PYEONGCHANG, South Korea — Mirai Nagasu finished just off the podium eight years ago in Vancouver, when her objective was simply not to fall down. After the selectors bypassed her for Ashley Wagner for the US figure skating team four years ago, she was determined to do whatever it took to make it back in 2018.
“I knew I would really have to be something special,” she said.
Special meant landing the devilish triple axel at the advanced age of 24. Only Tonya Harding and Kimmie Meissner had managed it among American women. Only Japanese skywalkers Midori Ito and Mao Asada had done it at Olympus, which is where Nagasu joined their company Monday morning. Her feat was, she said, “historical,” something that nobody could take from her.
Then Russia’s Alina Zagitova came out and blew her doors off by more than 20 points without even trying the axel. She did it by jamming all 11 of her jumps into the back half of her four-minute program, earning a 10 percent bonus for each one and by doing it with more panache.
And even that performance wasn’t enough to allow Zagitova’s fellow “Olympic Athletes from Russia” to retain the team title that they’d won on their home ice in Sochi. This time it was the Canadians wearing the gold medal after Patrick Chan had taken the men’s event, Tessa Virtue and Scott Moir the dance, and Meagan Duhamel and Eric Radford the pairs.
“We had the determination this time around,” said the 27-year-old Chan, the three-time world champion who’ll be chasing his country’s first Olympic men’s gold here Friday. “We saw the potential we had in Sochi and didn’t capitalize on it. This time we wanted to nail it into the coffin and win this thing.”
The Americans, as expected, took the bronze ahead of Italy and Japan. Time was when they would have been strong enough across the four disciplines to claim gold, but that time was before this millennium. The men haven’t made the world podium since 2009. The women have managed it once in 11 years. The pairs, who haven’t medaled globally since 2002, only earned one entry this time. And the dancers, while deep, probably won’t fare better than bronze.
Not that the Russians haven’t been slipping, too. The breakup of the Soviet Union was a significant blow to the world’s most dominant skating program, and while the Putin regime has been pumping cash into the sport, the priorities have shifted.
The pairs, who’ve won 13 of the last 14 Olympic titles, still are the gold standard. But the men, who won five straight gold medals between 1992 and 2006, haven’t made the world podium since 2011. And the dancers haven’t won a global title in eight years, their longest drought in nearly half a century.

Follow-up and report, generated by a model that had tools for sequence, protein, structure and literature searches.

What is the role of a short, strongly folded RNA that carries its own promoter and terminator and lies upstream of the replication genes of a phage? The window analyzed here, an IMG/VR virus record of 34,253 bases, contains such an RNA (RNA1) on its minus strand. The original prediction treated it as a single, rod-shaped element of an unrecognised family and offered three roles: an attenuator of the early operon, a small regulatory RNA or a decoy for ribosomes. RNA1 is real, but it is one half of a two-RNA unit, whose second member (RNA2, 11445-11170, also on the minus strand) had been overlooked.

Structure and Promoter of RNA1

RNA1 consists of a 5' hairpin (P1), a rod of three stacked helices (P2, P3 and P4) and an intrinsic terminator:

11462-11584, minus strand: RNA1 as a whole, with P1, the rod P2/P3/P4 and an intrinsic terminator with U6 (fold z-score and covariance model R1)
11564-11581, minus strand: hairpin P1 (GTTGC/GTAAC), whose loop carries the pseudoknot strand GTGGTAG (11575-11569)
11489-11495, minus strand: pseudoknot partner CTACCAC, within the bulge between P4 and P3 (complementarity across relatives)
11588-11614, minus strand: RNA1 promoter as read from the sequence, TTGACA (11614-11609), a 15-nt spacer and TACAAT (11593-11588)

The women, once a mere sideshow, now are center stage. They won their first gold in Sochi with Adelina Sotnikova and have claimed the last three world crowns. And Evgenia Medvedeva, who has won the last two, isn’t even the best on this team.
That distinction falls to the 15-year-old Zagitova, who won the European title last month. She not only cruised through her program in the team finale here, she performed a triple-double-double combination with her arms over her head, then did a triple salchow and triple flip the same way.
“I would give myself a four-plus [out of five],” she concluded. “There were some imperfections but they are easy to fix. We’ll work on that.”
The team event, held for the first time four years ago, essentially is a dress rehearsal with medals. The Japanese, who have no pairs or dancers of note, knew they had no chance at the podium. So they held out defending men’s champ Yuzuru Hanyu, who’s coming off a November ankle injury, and sent out third-stringer Keiji Tanaka for the final.
The Russians split the women’s assignments, as did the Canadians (world medalists Kaetlyn Osmond and Gabrielle Daleman).
The Americans, who reckoned they were locked into third coming into the Games, subbed out Nathan Chen with Adam Rippon, who placed a creditable third, and sent out Nagasu after using Bradie Tennell in the short. Since the triple axel had gotten her here, Nagasu figured that there was no reason not to use it.
“I tripped a couple of times going into it because I was so nervous,” she said, “but to tell myself, ‘No, I’m going for it 100 percent and not pull back,’ that was really special for me.”
So Nagasu got the bronze medal that was just out of reach in Vancouver and set herself up for another next week. But by landing the axel, she also got a headline and a memory.
“In these times of stress, these are the moments that really matter,” she said, “so I’ll remember this forever.”
John Powers can be reached at firstname.lastname@example.org.